Harry wasn’t sure that he could go through with it. McGonagall was standing there, waiting for him to follow her into the Headmaster’s office. All he had to do was put one foot in front of the other. Simple, right?
This wasn’t just any meeting. He wasn’t even meeting with McGonagall herself. This would be far, far different. He hadn’t laid eyes on Severus Snape for two years, and even though Harry himself had campaigned to get Snape’s portrait in the office with the rest of the Headmasters, he had never once thought about what he might say should their paths cross.
And that time was there. That day. That moment. Harry could not help but feel the familiar nervousness that he’d felt as a child when he was around Snape. He had never feared the man as Neville had, but he had been immensely aware of the intense dislike that had emanated from the former Potions master.
But did Snape still hate him, even after everything that happened? Did he still resent him because of who his father was? Furthermore, was this all just a monumental waste of time? These questions broiled in Harry’s mind as he woodenly followed McGonagall up the winding staircase.
At the entrance, McGonagall stopped and smiled thinly. “I shall leave you to it, then. If you need me, I will be in Greenhouse Four, reviewing Herbology curriculum with Professor Sprout.”
As Harry nodded and McGonagall’s form disappeared around a bend in the steps, he felt more alone than he had for a while. This was his last chance to back out, but he knew he wouldn’t. Something inside of him reminded him mercilessly that he owed a lot to Snape, and it would behoove him to make sure he didn’t forget it.
Finally, Harry opened the door, hoping that the portrait frame would be empty and that he could just leave without completing this transaction. He knew that he had no such luck; Snape was staring right at him. It was unnerving, and Harry closed his eyes to it.
“Come closer, Potter,” Snape drawled. “Hiding won’t work in this room.”
When Harry opened his eyes, Snape had moved from his own frame to the one right next to Harry, which belonged to someone who Harry didn’t recognise. He started and backed away from his former foe.
“I told you that hiding wouldn’t work.” Snape’s face was incredulous, which made Harry feel like he was eleven again. “Sit down.”
Though there was no earthly way that a mere shadow of a man could make him do so, Harry complied nonetheless. He felt a familiar surge of annoyance when Snape’s lip curled in triumph.
“Still yourself, I see,” Harry said dryly.
“Still the impertinent little whelp with delusions of glory,” Snape retorted. “Some people are just incapable of being better.”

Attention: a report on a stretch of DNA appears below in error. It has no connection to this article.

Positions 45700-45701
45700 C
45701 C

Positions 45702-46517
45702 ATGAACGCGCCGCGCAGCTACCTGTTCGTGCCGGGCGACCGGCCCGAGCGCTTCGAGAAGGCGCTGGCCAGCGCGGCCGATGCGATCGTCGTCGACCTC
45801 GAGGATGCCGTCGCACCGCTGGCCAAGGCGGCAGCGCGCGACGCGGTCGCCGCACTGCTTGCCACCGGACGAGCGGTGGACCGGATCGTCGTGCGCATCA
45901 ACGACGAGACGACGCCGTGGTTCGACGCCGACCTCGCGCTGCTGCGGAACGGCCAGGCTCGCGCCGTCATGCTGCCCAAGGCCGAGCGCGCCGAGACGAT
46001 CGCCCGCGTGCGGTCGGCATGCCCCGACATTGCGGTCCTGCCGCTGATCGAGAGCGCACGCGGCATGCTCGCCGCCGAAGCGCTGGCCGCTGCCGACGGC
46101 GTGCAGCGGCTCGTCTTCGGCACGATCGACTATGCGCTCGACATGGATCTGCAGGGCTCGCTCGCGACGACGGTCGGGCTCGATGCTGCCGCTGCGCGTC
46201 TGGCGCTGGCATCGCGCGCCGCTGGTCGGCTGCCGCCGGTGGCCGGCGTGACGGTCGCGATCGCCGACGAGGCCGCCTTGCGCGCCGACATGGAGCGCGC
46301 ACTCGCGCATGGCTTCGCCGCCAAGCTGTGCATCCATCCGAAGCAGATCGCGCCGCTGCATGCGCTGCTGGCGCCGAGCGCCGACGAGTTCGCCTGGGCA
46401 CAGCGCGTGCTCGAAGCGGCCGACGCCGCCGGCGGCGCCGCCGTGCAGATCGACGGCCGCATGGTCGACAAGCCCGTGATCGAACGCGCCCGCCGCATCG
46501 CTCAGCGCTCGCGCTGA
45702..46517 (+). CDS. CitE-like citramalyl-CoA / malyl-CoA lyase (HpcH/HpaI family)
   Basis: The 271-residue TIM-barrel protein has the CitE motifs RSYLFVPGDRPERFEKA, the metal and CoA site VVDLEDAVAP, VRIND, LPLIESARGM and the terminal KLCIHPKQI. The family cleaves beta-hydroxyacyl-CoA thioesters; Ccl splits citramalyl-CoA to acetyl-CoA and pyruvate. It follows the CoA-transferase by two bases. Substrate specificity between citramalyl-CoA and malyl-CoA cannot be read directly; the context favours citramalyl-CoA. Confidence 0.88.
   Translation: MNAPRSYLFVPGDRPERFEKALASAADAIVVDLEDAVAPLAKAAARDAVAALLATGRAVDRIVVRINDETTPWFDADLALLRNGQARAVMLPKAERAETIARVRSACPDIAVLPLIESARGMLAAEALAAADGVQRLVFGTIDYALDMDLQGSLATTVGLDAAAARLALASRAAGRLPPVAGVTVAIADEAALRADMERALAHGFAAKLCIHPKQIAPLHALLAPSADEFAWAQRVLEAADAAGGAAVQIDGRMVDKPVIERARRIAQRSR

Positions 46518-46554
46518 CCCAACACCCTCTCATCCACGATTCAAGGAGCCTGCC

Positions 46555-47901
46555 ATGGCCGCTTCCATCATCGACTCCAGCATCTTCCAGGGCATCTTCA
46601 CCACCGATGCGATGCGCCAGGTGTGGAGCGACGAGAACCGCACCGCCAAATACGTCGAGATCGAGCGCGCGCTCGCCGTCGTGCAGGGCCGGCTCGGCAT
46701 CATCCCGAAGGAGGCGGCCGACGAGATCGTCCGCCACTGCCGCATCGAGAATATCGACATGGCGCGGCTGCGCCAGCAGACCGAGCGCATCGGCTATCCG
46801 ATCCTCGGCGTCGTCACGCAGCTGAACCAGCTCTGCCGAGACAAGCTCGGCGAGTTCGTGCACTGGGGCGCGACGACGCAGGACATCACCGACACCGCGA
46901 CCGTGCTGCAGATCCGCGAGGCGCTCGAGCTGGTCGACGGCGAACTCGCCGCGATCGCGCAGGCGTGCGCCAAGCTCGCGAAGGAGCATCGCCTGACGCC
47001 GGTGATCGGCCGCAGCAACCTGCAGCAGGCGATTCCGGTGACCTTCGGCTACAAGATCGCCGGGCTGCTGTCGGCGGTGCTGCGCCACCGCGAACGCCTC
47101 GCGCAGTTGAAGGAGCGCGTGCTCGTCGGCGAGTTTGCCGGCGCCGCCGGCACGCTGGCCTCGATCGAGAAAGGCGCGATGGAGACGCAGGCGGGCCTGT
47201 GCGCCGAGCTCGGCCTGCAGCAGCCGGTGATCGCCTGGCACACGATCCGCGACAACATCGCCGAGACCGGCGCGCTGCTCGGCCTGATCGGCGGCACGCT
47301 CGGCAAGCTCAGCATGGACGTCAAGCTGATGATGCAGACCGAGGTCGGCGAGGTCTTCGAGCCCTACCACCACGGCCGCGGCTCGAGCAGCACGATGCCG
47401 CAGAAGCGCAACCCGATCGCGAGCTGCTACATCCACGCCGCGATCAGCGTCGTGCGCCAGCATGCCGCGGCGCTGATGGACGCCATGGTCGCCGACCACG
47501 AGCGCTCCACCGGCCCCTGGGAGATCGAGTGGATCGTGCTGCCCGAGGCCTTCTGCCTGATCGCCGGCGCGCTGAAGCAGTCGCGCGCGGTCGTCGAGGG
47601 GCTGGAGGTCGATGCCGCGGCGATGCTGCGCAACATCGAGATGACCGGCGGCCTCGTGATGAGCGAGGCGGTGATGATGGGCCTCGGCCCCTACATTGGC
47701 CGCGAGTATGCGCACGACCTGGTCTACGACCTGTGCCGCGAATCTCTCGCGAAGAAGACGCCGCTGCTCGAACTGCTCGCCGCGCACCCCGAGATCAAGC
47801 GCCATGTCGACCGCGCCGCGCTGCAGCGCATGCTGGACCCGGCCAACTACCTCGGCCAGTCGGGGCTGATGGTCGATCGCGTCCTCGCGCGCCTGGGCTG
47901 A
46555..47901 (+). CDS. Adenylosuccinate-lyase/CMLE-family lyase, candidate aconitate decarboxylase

Harry glared at Snape, who had returned to his own frame. “You aren’t even talking about me, are you? You’re still bitter about my dad, and every time you look into my eyes, I can see it.”
“You don’t know what you’re talking about.”
“Oh, don’t I?” Years of venom poured out of Harry. “I was there when you died, remember?”
“Your last action when you were alive were to look into my eyes. You never cared that I was going to die. You knew
that I was going to die. You just hated that your last connection to my mother was going with me. You just wanted to pretend for a little while longer that she ever really cared about you.”
Once the words left his mouth, Harry wanted to take them back. He hadn’t meant to be so cruel, but he couldn’t stop himself. He really did mean the things that he’d said, even if the method of delivery was bad. Snape had spent over a decade trying to keep him safe, and this was the thanks he got.
Snape said nothing in response to Harry’s jibe, as if it had been what he’d expected. That disappointed Harry a little, because he wanted Snape to think that he was a good man, worthy of the protection that had ultimately cost his mother her life. “I’m sorry,” he mumbled.
“Sorry for what, Potter? Sorry for saying what you really think?” Snape rolled his eyes. “So long as I am afforded the same courtesy, I don’t care.”
Harry crossed his arms and leant back in his chair. “Let’s have it, then.”
“You’re arrogant, pretentious, nosy, and dim. Your father was of the same ilk, much to your discredit.”
With a shake of his head, Harry turned away. It was old hat for him, listening to Snape’s bile. However, his counterpart wasn’t done speaking.
“But you walked into your death a man, and your mother would have been proud of you.”
Mouth hanging open, Harry didn’t respond for several seconds. When he did, all he could muster was, “She was.”
Something released inside of Harry, almost like a Patronus, and most definitely like the feeling he got in the Forest when he went to meet Voldemort. All that pent-up bitterness toward Snape was gone, and every traumatic minute that he had spent inside himself after the War left him. It was that memory of his parents, Sirius, and Remus, walking along with him to meet his fate, like nothing else could touch him then.
With a renewed sense of calm, Harry sat and chatted with Snape on a variety of subjects far into the night. There was a newfound respect between the two, and though old spectres truly never really die, they do give way here and there if they’re asked to step aside.